The most personal it has gotten for me was sharing a home with a distant cousin in Washington D.C. as her beloved was deployed to the Gulf War, feeling her anguish, fear and uncertainty. Fortunately, in the end, the Gulf War turned out to be the most lopsided military victory that the world has ever seen, and Bush the elder didn't push to turn it into a prolonged insurgency. No one we knew died.

I have received the benefits of the service of those who have died for their country, while paying a low price among my friends and family. I am lucky and I know it. Civilized people should feel gratitude for benefits conferred upon them, even when they didn't ask for the sacrifices that brought them about.

Thank you, those of you have have died for our country, and even more so, those of you who have been left with holes in your lives as a result of their absence. I fly the flag before my house today for you.

Millions of people in our country today weren't so lucky. The latest war has produced thousands of orphans, widows and parents who have lost children. Prior wars left even more behind, their lives shattered by the loss of a son, husband or father, or sometimes (rarely until the recent war) a daughter, wife or mother. Ten times as many still have their loved ones, but those loved ones are maimed in mind or body or soul. All those losses are not easy to bear. We have a government agency, a big one called the Veteran's Administration, to console you and give you what you need. But government benefits can never be enough. Tragic losses can never truly be repaid.

Their losses have nothing to do with the politics that brought about the wars that they died in. Soldiers do what they are told. They don't decide whether or not to engage in the wars that produce their sacrifices. Those decisions, we leave to another caste, politicians. The soldiers didn't make those choices. They didn't choose to uphold our values or to betray them. They made a simple act of submission to the needs of their country and the wisdom of its leaders. Their sacrifices were an investment in our future, placed in trust for management by others who never knew them. Our country needs their gifts of obedience to survive. We betray their memory when we mismanage what they have offered us.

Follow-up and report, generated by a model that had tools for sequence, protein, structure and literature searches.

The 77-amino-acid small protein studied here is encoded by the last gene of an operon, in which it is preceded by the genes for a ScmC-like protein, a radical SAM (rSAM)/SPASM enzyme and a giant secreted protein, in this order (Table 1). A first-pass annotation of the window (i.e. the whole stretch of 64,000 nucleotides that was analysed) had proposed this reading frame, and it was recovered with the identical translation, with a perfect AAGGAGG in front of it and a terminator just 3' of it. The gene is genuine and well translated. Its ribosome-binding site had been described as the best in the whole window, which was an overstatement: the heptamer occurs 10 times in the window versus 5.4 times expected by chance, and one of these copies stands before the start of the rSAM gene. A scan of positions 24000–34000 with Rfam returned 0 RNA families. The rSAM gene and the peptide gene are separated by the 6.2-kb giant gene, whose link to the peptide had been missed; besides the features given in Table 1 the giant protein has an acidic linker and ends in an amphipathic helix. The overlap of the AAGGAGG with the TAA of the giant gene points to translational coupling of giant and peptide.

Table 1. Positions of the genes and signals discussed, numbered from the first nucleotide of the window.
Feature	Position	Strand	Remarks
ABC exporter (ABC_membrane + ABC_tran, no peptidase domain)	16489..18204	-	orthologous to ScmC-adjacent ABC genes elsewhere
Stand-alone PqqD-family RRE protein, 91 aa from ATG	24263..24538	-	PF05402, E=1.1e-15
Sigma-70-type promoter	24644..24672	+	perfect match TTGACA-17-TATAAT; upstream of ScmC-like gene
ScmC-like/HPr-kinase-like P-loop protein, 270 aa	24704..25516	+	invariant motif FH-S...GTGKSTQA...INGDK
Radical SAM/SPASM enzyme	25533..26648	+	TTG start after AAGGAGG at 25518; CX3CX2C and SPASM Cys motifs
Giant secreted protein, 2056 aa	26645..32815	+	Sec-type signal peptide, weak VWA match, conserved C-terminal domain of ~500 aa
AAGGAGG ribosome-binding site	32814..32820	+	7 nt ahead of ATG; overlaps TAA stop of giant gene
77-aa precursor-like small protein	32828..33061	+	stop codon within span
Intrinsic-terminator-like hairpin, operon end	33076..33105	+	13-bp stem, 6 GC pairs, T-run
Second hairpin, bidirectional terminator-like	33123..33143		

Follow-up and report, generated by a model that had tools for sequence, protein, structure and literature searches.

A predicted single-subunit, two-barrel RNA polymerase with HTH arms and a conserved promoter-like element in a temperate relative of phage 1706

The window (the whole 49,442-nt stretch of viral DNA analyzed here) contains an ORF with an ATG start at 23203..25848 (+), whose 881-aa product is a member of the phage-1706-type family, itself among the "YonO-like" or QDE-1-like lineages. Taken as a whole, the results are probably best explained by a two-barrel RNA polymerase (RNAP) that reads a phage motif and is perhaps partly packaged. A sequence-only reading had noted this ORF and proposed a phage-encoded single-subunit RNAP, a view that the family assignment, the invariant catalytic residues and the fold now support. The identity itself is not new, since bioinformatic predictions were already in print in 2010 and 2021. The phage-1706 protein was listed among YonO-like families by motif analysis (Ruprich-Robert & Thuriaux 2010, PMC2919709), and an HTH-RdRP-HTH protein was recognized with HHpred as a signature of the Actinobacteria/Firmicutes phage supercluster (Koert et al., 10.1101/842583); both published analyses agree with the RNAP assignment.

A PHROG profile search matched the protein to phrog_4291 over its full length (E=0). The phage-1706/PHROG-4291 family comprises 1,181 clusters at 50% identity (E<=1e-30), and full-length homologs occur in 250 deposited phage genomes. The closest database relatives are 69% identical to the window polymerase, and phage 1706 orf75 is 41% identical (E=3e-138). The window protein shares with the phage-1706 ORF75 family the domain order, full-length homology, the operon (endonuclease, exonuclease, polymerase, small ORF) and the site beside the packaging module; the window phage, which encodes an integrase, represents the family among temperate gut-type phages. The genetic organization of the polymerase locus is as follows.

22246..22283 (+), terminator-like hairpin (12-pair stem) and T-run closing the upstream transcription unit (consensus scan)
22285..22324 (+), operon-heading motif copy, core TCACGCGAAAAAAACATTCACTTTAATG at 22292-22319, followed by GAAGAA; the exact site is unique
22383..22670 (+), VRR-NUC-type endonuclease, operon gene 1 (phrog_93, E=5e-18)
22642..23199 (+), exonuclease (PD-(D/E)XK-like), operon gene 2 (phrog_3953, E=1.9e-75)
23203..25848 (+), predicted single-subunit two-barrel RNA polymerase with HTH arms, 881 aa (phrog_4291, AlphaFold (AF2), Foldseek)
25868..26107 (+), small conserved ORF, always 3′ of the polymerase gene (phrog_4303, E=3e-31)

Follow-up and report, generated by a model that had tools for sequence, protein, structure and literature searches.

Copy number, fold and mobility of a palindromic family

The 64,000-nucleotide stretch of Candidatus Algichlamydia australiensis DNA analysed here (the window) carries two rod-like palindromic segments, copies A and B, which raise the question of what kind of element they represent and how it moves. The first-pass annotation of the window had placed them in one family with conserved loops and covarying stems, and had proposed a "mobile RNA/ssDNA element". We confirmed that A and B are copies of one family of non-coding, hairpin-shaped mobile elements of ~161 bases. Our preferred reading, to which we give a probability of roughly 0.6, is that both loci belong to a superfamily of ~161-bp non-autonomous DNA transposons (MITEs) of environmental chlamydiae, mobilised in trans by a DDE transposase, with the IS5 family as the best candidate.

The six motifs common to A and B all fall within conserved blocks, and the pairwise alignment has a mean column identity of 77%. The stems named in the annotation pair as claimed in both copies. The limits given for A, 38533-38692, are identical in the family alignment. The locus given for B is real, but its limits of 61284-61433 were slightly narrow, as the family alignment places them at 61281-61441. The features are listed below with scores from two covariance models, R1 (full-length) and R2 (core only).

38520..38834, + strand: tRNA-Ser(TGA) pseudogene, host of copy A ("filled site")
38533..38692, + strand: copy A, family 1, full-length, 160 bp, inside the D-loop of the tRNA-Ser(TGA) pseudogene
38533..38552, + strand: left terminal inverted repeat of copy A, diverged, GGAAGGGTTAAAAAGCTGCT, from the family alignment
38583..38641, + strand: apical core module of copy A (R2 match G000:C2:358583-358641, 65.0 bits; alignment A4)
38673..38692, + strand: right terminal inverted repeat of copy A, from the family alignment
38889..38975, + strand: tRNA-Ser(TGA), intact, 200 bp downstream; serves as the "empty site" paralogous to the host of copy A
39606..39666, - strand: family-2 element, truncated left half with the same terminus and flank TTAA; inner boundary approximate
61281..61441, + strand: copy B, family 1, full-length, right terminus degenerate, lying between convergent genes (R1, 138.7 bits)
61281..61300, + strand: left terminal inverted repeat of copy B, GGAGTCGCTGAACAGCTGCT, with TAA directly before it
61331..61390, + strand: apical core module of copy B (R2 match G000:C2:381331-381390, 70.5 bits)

War seems to make heros out of some men, demons of others, and hardens most of the rest. The line that divides these men can be paper thin.

Of course, not every hand has been dealt yet. I could still lose a friend, a son or a daughter, a son-in-law or a daugher-in-law, or a grandchild to war. I long for peace from 2017 to 2027 or so. But there are no guarantees in life. It is a possibility every parent faces and feels differently about. I refuse to think very hard about it until it becomes reality, or at least, until it becomes probable. There is no reason to borrow worry. Like prior generations, I am unlikely to encourage or discourage service, and I suspect that my children are unlikely to seek it out, although they might.

My parents took that chance when they let me participate in the proto-military culture of the Boy Scouts (that part always spooked me a little, as did the anti-gay culture of the military and later the Scouts). But nothing came of it. I don't know if the service minded generation of my children will influence them towards this end. The soldier's life gets better press now than it did when I was a child in the immediate aftermath of Vietnam. I will have to wait and find out the hard way.

Until then, I will remain lucky and thankful.